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The missing link between triads and microtubules



Researchers from the Physiopathology of the Cytoskeleton Group [collaboration] have determined CLIMP-63 as the missing link between triadine and microtubules, two molecular actors in muscle contraction. This discovery paves the way toward a better understanding of certain severe cardiac pathologies and certain myopathies.

Published on 30 November 2016

Muscle contraction is triggered by a massive release of calcium inside the muscle cells at the level of membrane structures called triads. Although the molecular mechanisms involved in the formation and maintenance of triads are still poorly understood, at least two actors have been identified: triadin, a protein with shaping properties on the triads; and microtubules, the "nervous system" of the cell, whose organization in the form of a highly-structured fibrillar grid in muscle cells suggests that they may be involved in the maintenance and organization of triads. Given the indirect link between triadine and microtubules, finding the missing link between these two molecular actors in muscle contraction was a real challenge.
Researchers from the Institute of Neuroscience of Grenoble (Cell Myology and Pathologies team) and from our institute (Physiopathology of the Cytoskeleton Group and Large Scale Biology laboratory) have recently identified and characterized the CLIMP-63 protein as this missing link, providing the first demonstration of its role in skeletal muscle. Their findings show that CLIMP-63 is not only localized in several membrane compartments, including the triads, but is also able to bind directly to the microtubules. The direct involvement of this protein was confirmed when the researchers observed a disorganization of the microtubule network after introducing a mutant form of CLIMP-63 into a mouse muscle.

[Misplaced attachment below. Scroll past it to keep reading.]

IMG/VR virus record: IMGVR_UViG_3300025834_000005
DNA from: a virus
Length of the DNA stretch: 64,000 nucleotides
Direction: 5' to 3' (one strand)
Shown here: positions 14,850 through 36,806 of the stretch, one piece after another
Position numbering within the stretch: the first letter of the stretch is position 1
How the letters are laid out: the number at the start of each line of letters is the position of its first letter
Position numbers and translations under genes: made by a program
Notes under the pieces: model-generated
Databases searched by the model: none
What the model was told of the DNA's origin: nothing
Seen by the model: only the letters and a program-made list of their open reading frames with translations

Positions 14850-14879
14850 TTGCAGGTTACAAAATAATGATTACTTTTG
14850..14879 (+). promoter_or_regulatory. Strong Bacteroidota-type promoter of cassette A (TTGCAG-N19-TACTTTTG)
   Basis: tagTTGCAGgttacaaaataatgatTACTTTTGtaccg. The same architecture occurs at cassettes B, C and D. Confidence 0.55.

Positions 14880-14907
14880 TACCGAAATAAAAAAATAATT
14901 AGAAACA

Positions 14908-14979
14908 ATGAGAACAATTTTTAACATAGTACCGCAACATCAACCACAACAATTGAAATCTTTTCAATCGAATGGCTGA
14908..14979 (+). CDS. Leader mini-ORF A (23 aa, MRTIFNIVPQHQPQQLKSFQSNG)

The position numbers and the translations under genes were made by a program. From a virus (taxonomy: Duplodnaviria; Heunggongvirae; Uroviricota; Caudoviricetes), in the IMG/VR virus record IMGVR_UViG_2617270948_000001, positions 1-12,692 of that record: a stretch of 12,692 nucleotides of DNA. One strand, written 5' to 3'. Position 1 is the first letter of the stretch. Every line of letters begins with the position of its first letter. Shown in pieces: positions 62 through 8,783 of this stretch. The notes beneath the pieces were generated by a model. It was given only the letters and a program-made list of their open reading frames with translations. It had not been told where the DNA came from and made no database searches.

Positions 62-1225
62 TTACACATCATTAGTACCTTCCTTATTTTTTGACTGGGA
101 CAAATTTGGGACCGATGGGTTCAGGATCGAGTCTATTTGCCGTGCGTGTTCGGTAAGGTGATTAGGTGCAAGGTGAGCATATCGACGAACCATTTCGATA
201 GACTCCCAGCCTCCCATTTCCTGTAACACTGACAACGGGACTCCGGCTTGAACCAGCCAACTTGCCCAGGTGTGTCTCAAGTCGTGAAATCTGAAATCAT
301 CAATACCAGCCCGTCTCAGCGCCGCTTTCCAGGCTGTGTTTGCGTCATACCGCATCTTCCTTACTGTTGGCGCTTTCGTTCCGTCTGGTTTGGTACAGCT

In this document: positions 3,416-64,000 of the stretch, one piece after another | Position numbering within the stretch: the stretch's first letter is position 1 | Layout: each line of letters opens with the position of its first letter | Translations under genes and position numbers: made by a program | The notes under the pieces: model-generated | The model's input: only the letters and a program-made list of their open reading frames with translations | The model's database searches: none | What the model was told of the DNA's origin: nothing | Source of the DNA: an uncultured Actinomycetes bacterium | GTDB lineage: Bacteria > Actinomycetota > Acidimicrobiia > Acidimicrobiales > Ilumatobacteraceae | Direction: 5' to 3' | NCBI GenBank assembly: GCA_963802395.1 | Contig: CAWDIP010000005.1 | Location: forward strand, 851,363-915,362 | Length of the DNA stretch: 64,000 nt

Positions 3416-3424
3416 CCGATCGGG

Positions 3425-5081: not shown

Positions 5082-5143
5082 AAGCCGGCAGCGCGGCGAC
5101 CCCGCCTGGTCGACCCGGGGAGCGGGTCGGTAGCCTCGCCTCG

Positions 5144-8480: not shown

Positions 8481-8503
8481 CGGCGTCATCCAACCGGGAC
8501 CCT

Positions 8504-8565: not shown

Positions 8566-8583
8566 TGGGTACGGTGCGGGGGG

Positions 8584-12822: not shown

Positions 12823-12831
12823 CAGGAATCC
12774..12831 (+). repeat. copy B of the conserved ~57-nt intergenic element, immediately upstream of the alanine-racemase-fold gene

By demonstrating the essential role of the triadine-CLIMP-microtubules trio in the physiology of muscle cells, this study opens the way toward a better understanding of certain human pathologies. Indeed, human genetic variations of triadine are known to be responsible for severe heart pathologies and myopathies. Given the strong link between triadine and CLIMP-63, it is likely that genetic variants of the human protein CLIMP-63 also cause muscle or cardiac pathologies. These variants of CLIMP-63 have yet to be identified.

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